I profit not by thy talk. Shak. 2. To be of use or advantage; to do or bring good.
Riches profit not in the day of wrath. Prov. xi. 4.
[ French profitable
.] Yielding or bringing profit or gain; gainful; lucrative; useful; helpful; advantageous; beneficial; as, a profitable trade; profitable business; a profitable study or profession.
What was so profitable to the empire became fatal to the Arbuthnot.
Profiting noun Gain; advantage; profit.
That thy profiting may appear to all. 1 Tim. iv. 15.
Profitless adjective Without profit; unprofitable. Shak.
[ See Profligate
] The quality of state of being profligate; a profligate or very vicious course of life; a state of being abandoned in moral principle and in vice; dissoluteness.
[ Latin profligatus
, past participle of profligare
to strike or dash to the ground, to destroy; pro
before + a word akin to fligere
to strike. See Afflict
.] 1. Overthrown; beaten; conquered.
The foe is profligate , and run. Hudibras. 2. Broken down in respect of rectitude, principle, virtue, or decency; openly and shamelessly immoral or vicious; dissolute; as, profligate man or wretch.
A race more profligate than we. Roscommon.
Made prostitute and profligate muse. Dryden. Syn.
-- Abandoned; corrupt; dissolute; vitiated; depraved; vicious; wicked. See Abandoned
Profligate noun An abandoned person; one openly and shamelessly vicious; a dissolute person. "Such a profligate as Antony." Swift.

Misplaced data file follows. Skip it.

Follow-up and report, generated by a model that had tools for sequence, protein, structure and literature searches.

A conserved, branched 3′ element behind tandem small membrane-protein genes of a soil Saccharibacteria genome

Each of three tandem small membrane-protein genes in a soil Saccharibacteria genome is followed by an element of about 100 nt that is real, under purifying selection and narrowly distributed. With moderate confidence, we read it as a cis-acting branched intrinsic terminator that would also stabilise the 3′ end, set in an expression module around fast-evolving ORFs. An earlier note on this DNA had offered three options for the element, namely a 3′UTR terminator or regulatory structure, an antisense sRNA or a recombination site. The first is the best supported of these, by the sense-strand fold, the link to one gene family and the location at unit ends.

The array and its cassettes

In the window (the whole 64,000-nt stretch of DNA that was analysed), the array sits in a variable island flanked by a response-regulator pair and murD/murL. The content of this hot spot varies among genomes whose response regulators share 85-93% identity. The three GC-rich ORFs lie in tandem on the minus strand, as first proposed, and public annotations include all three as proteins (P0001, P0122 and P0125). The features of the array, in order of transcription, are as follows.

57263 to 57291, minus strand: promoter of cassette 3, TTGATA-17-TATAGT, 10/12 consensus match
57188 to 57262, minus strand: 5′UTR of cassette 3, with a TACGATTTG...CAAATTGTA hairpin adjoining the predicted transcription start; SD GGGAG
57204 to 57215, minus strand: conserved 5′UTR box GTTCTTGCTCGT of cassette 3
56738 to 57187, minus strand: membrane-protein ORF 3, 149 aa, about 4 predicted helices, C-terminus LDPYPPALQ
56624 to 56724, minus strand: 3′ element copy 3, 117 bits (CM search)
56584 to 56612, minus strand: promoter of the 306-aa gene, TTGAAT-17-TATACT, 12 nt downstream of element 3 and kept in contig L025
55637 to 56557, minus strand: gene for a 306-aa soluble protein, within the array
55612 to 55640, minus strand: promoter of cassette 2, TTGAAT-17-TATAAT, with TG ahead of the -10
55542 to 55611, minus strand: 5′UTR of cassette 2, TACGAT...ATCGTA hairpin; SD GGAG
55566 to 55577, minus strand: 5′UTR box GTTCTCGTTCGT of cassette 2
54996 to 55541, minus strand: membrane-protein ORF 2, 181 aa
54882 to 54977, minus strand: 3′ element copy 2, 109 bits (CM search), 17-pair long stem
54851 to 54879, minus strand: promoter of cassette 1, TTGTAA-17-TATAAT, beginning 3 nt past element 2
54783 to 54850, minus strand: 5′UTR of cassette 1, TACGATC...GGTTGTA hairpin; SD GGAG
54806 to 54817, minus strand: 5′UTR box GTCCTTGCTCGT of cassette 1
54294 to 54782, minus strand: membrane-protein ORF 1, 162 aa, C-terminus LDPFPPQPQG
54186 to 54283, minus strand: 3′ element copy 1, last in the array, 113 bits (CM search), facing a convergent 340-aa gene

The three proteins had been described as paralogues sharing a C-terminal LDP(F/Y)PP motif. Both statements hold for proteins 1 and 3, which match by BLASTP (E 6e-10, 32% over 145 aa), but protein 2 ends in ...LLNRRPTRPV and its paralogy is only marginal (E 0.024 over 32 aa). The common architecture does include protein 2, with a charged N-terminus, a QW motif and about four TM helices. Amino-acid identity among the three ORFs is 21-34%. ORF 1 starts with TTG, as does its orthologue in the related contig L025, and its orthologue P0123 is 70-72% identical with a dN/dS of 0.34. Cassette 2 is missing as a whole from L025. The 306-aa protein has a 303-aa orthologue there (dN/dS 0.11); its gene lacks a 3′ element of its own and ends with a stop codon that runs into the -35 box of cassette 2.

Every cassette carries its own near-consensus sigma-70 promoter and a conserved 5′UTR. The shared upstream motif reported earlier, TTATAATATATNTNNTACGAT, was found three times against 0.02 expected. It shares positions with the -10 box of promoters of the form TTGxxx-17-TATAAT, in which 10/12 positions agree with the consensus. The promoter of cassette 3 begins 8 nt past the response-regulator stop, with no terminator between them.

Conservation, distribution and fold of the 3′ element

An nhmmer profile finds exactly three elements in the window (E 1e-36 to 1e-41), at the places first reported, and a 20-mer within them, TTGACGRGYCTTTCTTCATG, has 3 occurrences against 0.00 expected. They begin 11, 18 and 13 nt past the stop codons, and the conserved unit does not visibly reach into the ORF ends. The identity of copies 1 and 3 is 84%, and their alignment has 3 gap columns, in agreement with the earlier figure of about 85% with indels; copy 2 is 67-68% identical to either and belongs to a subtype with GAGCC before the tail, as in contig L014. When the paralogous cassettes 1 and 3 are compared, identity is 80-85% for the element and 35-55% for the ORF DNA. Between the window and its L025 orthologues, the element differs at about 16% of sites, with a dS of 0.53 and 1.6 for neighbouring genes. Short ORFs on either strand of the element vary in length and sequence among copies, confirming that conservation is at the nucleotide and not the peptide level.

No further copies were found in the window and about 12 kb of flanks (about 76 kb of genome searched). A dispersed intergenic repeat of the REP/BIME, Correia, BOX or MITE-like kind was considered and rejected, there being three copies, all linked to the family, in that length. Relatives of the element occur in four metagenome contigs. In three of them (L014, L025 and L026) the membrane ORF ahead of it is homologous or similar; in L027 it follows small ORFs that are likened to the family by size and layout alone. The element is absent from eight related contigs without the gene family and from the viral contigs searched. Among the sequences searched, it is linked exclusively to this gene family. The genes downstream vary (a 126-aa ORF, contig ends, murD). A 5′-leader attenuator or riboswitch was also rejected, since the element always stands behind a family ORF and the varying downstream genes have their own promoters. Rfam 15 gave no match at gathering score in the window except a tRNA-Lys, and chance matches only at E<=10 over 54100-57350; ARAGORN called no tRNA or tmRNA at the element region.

Profligate transitive verb To drive away; to overcome. [ A Latinism] [ Obsolete] Harvey.
Profligately adverb In a profligate manner.
Profligateness noun The quality of being profligate; an abandoned course of life; profligacy.
Profligation noun [ Latin profligatio .] Defeat; rout; overthrow. [ Obsolete] Bacon.
Profluence noun [ Latin profluentia .] Quality of being profluent; course. [ R.] Sir H. Wotton.
Profluent adjective [ Latin profluens , present participle of profluere ; pro forward + fluere to flow.] Flowing forward, [ R.] "In the profluent stream." Milton.
[ French profond
, Latin profundus
; pro before, forward + fundus
the bottom. See Found
to establish, Bottom
lowest part.] 1. Descending far below the surface; opening or reaching to a great depth; deep.
"A gulf profound
." Milton. 2. Intellectually deep; entering far into subjects; reaching to the bottom of a matter, or of a branch of learning; thorough; as, a profound investigation or treatise; a profound scholar; profound wisdom. 3. Characterized by intensity; deeply felt; pervading; overmastering; far-reaching; strongly impressed; as, a profound sleep.
Of the profound corruption of this class there can be no doubt. Milman. 4. Bending low, exhibiting or expressing deep humility; lowly; submissive; as, a profound bow.
What humble gestures! What profound reverence! Duppa.
Profound noun 1. The deep; the sea; the ocean.
God in the fathomless profound Sandys. 2. An abyss. Milton.
Hath all this choice commanders drowned.
Profound transitive verb To cause to sink deeply; to cause to dive or penetrate far down. [ Obsolete] Sir T. Browne.
Profound intransitive verb To dive deeply; to penetrate. [ Obsolete]